Sob! I am having a moment.
The photos you see here are from the new exhibit “Seaweed: Mysteries of the Amber Forests” at the Shaw Centre for the Salish Sea. Those are my kelp photos.
I am choking up at typing that. I have never seen my photos printed that big and am massively moved that they are part of this education aimed at increasing awareness and action for algae.
Also featured is the art of Josie Iselin. She scans seaweeds with her flatbed scanner and then often places the photos atop historical images from when that species of seaweed was first described.
I am so grateful to Leah Thorpe, Director of Exhibits & Engagement, for all of her work to make this real.
I have NOT seen the exhibit in person but am now strangely compelled to go to 9811 Seaport Pl, Sidney, southern Vancouver Island. How about you? Show me photos when you go?
You will be thrilled to see there are also some my Find the Fish challenges in the exhibit but in BIG photos WITH answers.
How to Help the Kelp, and Why?
The Ocean’s algae, from the microscopic and to the giant kelps:
- Produce at least 50% of the Earth’s oxygen.
- Another result of their photosynthesis is that they absorb very significant amounts of carbon dioxide – a very significant climate-changing gas.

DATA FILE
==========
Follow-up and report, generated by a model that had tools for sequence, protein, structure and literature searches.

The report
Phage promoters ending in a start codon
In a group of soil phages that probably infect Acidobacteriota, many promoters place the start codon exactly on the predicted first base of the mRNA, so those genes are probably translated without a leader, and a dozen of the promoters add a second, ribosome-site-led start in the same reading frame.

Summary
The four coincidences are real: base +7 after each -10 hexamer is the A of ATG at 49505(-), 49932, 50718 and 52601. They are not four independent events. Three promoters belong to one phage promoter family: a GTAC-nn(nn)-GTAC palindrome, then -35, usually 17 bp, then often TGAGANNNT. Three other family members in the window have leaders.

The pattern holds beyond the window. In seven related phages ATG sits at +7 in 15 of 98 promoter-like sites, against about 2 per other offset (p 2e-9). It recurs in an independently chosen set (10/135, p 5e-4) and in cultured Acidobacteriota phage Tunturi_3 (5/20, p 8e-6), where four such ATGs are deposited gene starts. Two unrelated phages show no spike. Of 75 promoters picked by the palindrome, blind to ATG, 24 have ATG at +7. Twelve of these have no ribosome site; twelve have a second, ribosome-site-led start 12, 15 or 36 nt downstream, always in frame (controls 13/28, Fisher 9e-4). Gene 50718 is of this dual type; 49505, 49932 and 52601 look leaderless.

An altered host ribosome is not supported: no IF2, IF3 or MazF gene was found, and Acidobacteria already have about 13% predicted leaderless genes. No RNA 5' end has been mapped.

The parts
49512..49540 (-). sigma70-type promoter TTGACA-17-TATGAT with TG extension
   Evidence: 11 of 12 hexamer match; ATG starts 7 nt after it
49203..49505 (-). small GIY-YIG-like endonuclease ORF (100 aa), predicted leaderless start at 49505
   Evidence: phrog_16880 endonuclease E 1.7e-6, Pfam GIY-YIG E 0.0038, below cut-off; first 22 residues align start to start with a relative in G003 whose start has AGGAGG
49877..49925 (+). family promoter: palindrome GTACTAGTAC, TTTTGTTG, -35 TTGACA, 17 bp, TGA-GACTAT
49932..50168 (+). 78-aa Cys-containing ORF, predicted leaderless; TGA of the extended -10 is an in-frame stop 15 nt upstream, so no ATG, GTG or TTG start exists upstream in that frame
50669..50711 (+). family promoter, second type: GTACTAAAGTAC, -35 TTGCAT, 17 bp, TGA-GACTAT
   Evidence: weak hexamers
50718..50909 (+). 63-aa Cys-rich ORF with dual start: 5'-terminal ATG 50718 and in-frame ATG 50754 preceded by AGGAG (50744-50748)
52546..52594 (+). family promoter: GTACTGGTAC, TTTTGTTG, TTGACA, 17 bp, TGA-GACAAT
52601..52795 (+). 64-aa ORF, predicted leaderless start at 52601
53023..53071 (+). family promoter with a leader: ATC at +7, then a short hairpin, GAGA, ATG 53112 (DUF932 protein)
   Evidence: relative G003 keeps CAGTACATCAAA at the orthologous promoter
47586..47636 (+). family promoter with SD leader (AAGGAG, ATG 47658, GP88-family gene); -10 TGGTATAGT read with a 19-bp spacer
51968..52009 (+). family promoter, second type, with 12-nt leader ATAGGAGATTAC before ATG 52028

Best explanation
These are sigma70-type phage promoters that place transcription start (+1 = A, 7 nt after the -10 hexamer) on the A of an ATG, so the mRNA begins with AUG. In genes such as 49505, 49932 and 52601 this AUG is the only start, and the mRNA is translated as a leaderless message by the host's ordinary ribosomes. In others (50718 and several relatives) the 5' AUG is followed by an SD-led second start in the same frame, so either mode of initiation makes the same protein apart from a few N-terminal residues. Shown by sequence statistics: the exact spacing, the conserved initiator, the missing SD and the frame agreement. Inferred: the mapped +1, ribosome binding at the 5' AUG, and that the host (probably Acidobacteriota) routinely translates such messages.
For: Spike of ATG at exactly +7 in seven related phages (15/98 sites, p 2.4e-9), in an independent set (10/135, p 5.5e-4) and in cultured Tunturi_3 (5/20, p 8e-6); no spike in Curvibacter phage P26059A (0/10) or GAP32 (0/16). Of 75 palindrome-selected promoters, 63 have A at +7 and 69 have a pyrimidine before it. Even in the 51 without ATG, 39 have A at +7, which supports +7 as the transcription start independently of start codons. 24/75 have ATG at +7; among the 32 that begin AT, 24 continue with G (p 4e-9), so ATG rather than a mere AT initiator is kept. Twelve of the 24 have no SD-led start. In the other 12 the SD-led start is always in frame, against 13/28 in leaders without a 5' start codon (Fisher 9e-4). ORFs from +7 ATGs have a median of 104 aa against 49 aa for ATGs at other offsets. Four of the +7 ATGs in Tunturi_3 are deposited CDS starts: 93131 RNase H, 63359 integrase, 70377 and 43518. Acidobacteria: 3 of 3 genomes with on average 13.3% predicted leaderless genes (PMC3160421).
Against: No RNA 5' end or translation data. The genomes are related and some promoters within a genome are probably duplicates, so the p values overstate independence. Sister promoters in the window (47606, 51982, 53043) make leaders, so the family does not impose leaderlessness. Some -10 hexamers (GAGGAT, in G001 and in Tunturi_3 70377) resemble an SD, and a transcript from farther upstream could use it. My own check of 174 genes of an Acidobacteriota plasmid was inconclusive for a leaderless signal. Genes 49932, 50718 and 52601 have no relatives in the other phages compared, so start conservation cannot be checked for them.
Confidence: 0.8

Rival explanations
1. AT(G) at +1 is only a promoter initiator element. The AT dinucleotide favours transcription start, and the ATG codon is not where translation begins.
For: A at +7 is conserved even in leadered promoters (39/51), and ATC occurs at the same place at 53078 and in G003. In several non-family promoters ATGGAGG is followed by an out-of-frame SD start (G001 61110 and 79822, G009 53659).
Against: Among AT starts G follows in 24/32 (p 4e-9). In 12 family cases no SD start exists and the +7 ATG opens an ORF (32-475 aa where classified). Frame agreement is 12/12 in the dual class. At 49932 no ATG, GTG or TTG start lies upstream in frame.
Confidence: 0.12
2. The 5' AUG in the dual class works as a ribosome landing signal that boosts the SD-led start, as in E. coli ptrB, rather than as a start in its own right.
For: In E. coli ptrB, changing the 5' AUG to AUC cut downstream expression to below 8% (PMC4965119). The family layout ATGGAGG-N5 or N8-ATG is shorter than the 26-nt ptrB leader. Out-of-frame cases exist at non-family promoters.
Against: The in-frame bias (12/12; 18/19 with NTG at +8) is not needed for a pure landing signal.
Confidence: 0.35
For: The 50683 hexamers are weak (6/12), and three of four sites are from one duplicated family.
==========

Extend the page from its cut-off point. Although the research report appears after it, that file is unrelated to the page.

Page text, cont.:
- The algae / seaweeds are producers, converting sunlight to food to fuel the food web. They offer we humans so much nutrition too.
- Kelps are habitat for hundreds of species.
Kelp Is in Trouble
Where every species lives is, of course, because the conditions are right. For example, the temperature is not too cold. It’s not too hot. It’s just right. Yes, this is referenced as the Goldilocks Principle. Changing temperatures are impacting the health of kelp forests, as are other variables involved with climate change such as more frequent and stronger winds ripping away more kelp.
Also, there are far fewer Sunflower Stars due to Sea Star Wasting Disease which is believed to be associated with climate change. Sunflower Stars are predators of Green Urchins. Green Urchins graze on kelp. With less Sunflower Stars, there are more Green Urchins. More urchins leads to more grazing on kelp. In the extreme, this leads to “urchin barrens” where the kelp forest has been grazed away.
Less kelp = less food, oxygen, habitat and buffering of carbon dioxide.
This is not an additional problem. It’s another symptom of the same problem. Whatever you do to reduce fossil fuel use (from consumerism to how you vote), will help the kelp and all that depends on them.
May the knowledge motivate, not lead to fear and paralysis which perpetuates the problem. It truly is the case that if you are not contributing to solutions, you are part of the problem.
Care more. Connect more. Consume less.
The exhibit “Seaweed: Mysteries of the Amber Forests” will be at the Salish Sea Centre for about a year.
See my other blogs about the importance of kelp at this link.